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Study shows high rate of heart problems among Ground Zero workers

By Edmund DeMarche, CNN
Microscopic matter at Ground Zero can result in harmful scarring to the lungs, heart when inhaled, doctor says.
Microscopic matter at Ground Zero can result in harmful scarring to the lungs, heart when inhaled, doctor says.
STORY HIGHLIGHTS
  • Study finds unusually high occurrences of abnormal left and right ventricular functioning
  • Findings are first to possibly link work at Ground Zero to cardiovascular problems
  • Study was initially intended to test strains of job and effects of Ground Zero
  • Testing officers in other cities could help put findings in context, study's leader says
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New York (CNN) -- Exposure to debris at Ground Zero may be linked to heart problems in police officers, according to a new study announced Saturday.

The study revealed that police officers who worked at the World Trade Center site in the aftermath of the September 11, 2001, terror attacks had unusually high occurrences of abnormal left and right ventricular functioning, leading doctors to consider the role Ground Zero played in their diminished heart function.

The study, which started in January 2008 and ended in June, was funded by the Fraternal Order of Police of New York State. The study was not intended at first to focus on the effects of Ground Zero, but rather to test the strains of the job, said Dr. Lori Croft, the study's lead investigator.

Many Ground Zero workers have been reported to suffer from lung ailments after exposure to dust and debris at the site, but this is the first study that offers evidence that work at Ground Zero may lead to cardiovascular problems, said Croft of the Mount Sinai Medical Center.

Once microscopic matter is inhaled, it can result in harmful scarring to the lungs and heart, said Croft.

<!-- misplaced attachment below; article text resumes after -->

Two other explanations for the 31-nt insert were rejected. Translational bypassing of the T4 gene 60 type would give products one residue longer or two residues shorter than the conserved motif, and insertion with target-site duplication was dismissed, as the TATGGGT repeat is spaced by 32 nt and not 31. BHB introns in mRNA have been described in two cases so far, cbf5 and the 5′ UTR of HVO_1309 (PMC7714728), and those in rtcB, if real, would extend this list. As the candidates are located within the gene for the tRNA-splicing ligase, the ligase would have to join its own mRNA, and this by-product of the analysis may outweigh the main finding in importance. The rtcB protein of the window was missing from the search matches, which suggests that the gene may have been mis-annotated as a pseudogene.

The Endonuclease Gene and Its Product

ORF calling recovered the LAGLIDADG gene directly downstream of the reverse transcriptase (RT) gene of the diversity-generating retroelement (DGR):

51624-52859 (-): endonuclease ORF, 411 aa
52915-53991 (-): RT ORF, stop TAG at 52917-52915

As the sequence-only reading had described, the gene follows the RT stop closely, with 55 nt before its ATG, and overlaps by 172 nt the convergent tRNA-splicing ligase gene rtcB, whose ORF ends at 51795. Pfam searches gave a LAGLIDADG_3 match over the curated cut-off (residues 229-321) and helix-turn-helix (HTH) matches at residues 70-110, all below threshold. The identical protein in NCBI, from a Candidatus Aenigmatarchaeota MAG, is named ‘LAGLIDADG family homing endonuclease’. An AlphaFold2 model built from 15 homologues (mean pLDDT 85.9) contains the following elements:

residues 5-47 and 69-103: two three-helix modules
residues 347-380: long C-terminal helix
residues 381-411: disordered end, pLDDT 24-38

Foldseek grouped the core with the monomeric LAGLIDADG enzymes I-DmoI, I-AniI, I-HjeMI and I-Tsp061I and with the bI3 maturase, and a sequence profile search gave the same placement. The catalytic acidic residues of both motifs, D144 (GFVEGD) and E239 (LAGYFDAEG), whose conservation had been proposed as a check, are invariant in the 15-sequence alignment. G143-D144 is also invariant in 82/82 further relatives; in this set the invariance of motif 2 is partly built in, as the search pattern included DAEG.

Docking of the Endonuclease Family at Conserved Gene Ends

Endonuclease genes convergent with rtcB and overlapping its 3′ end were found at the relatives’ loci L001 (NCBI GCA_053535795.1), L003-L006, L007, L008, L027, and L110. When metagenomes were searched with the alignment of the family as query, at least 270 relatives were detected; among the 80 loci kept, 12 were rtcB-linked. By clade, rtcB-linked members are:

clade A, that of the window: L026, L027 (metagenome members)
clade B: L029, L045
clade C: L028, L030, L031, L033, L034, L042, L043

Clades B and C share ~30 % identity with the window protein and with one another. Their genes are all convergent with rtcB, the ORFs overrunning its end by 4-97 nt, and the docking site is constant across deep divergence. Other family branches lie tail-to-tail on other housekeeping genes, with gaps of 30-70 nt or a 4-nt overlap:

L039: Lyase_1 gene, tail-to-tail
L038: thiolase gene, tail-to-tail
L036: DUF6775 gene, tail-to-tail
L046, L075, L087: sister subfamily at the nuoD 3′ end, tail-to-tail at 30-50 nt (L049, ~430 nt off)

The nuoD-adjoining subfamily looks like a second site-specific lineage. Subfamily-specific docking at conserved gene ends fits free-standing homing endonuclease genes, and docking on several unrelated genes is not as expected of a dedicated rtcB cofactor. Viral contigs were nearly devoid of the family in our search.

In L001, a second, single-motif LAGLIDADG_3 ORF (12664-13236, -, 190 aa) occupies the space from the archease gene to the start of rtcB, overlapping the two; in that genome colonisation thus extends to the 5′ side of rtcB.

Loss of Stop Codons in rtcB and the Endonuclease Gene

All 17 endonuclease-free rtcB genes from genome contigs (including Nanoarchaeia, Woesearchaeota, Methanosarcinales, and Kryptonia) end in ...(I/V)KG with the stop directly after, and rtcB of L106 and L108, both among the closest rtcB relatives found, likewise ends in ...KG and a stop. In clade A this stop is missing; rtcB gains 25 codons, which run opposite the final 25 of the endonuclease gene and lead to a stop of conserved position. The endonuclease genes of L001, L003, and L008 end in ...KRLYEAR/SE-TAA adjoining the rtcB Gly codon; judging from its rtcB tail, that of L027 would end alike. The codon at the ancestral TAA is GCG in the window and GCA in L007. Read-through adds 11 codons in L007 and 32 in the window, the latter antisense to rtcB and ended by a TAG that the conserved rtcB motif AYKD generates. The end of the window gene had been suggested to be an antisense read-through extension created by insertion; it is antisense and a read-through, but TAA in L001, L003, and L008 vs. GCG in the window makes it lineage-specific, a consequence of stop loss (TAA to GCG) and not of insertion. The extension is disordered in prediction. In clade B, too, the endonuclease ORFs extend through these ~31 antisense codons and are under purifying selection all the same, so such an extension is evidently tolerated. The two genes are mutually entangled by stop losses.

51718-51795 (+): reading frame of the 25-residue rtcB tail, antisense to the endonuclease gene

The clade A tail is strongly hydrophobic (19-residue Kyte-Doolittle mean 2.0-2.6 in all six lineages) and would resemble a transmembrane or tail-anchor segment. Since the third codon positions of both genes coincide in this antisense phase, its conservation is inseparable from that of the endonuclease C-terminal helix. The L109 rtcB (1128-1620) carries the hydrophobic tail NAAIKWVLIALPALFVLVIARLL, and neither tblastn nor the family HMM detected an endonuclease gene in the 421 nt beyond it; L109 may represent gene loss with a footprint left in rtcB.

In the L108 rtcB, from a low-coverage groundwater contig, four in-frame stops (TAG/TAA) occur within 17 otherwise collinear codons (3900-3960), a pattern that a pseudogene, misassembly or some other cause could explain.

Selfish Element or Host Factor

Croft said that a healthy person's heart muscle relaxes when it fills with blood. In the cases of the study participants, Croft said the heart remains somewhat stiff, which hinders blood flow and can lead to heart disease later in life.

Croft tested about 1,200 police officers over an 18-month period and found that 53 percent had abnormal left ventricular functioning and 59 percent had problems with their right ventricle. This would come as little surprise if they were in their 80s, but the mean age in the group was 49, Croft said.

"If you're talking about 80-year-olds with these statistics, that's one thing," she said. "But these are people in their 40s and 50s. That's unusual."

About 7 percent of 50-year-olds have this problem, Croft said.

Croft said some questions remain. Law enforcement is generally a stressful occupation and police often work varying shifts and might sit in a patrol car for long periods -- all unhealthy for the heart, she said.

The study, while revealing, needs to be further explored, she said. For example, testing police officers in other cities might help put the findings in context, she said.

 
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